Between now and November is “prime time” for those in political PR. There are some solid communicators who have chosen that route within the profession. But, as we’ll see time and time again in the coming months, too many in that realm of our business play by a set of rules that often doesn’t work in “The Real World.”
Case in point: the handling of Rep. Thaddeus McCotter’s resignation last Friday. The Michigan Republication announced his resignation at about 5pm on the Friday of a Holiday Weekend. The old-fashioned PR playbook used to call for such an approach to help “hide” bad news. That was when there was such thing as a “news cycle” and set “newspaper deadlines.” It was also a time when news consumers largely tuned out news from Friday evening until the Sunday newspaper arrived at the front door. So, such an approach would work for public company news that required a release but companies didn’t want much attention.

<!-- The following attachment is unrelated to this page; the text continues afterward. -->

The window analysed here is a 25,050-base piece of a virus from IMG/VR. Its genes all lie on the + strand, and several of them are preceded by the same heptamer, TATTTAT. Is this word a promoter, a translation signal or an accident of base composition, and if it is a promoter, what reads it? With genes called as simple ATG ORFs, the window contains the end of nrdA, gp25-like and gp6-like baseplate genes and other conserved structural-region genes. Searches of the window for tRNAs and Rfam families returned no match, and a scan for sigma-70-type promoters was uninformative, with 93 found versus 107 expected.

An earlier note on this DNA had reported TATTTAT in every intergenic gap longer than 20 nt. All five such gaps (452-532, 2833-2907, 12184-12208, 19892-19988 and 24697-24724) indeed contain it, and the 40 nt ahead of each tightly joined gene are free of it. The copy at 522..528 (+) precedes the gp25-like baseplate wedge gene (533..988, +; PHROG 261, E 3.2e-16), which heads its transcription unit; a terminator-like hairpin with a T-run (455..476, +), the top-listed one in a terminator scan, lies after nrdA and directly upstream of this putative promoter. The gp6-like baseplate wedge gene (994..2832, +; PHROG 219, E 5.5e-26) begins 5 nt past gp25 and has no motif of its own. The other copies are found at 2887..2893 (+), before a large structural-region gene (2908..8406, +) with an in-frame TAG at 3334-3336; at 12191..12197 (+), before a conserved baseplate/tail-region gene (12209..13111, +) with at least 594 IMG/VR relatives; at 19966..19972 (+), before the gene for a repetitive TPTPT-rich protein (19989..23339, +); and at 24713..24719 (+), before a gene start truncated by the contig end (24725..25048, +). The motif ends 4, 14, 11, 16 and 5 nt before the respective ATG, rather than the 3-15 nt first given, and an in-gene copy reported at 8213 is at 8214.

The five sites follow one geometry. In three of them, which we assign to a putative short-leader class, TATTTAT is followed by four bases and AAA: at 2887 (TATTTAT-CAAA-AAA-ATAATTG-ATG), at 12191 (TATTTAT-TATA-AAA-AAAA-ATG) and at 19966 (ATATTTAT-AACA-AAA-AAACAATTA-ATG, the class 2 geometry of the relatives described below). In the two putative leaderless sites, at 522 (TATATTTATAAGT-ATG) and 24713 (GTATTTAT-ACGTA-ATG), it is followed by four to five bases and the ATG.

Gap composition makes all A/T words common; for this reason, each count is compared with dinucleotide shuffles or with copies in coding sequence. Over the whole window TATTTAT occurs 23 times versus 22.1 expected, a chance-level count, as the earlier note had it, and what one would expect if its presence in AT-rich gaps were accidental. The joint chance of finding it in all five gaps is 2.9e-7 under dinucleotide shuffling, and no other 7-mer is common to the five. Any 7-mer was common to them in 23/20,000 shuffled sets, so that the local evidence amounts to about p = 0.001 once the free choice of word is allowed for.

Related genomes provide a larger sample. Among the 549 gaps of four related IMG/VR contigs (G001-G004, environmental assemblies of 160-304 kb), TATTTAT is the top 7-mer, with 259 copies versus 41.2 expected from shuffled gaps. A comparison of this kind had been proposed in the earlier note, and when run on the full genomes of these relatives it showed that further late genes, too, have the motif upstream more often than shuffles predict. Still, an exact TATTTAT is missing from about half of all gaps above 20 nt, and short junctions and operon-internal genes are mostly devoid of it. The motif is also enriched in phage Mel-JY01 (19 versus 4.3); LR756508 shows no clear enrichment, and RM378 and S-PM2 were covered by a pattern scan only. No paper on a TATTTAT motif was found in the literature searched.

Additionally, McCotter essentially ran and hid, refusing to be available to media, who represent the citizens – his customers for nearly a decade. That was probably a decision by a PR person who rationalized that it would “protect” him, while really hanging him out to dry. We see this frequently during times of political scandal and it almost never works.
These approaches backfired, as political PR strategy often does outside of the context of elections. McCotter’s resignation was not buried (it ran online all weekend, attracting huge “buzz,” as warranted, on social media) and it has “legs” – it is still prominent news nearly a week later. He’s a Congressman for crying out loud! And a recently controversial one at that. It’s not like he can sneak out of office undetected. The political and mainstream media have been hammering him not only for resigning months before the end of his term but also for not making himself available to answer questions.
In The Real World, professional character often reveals itself when someone leaves a job. In the political PR world, that needs to be remembered more often.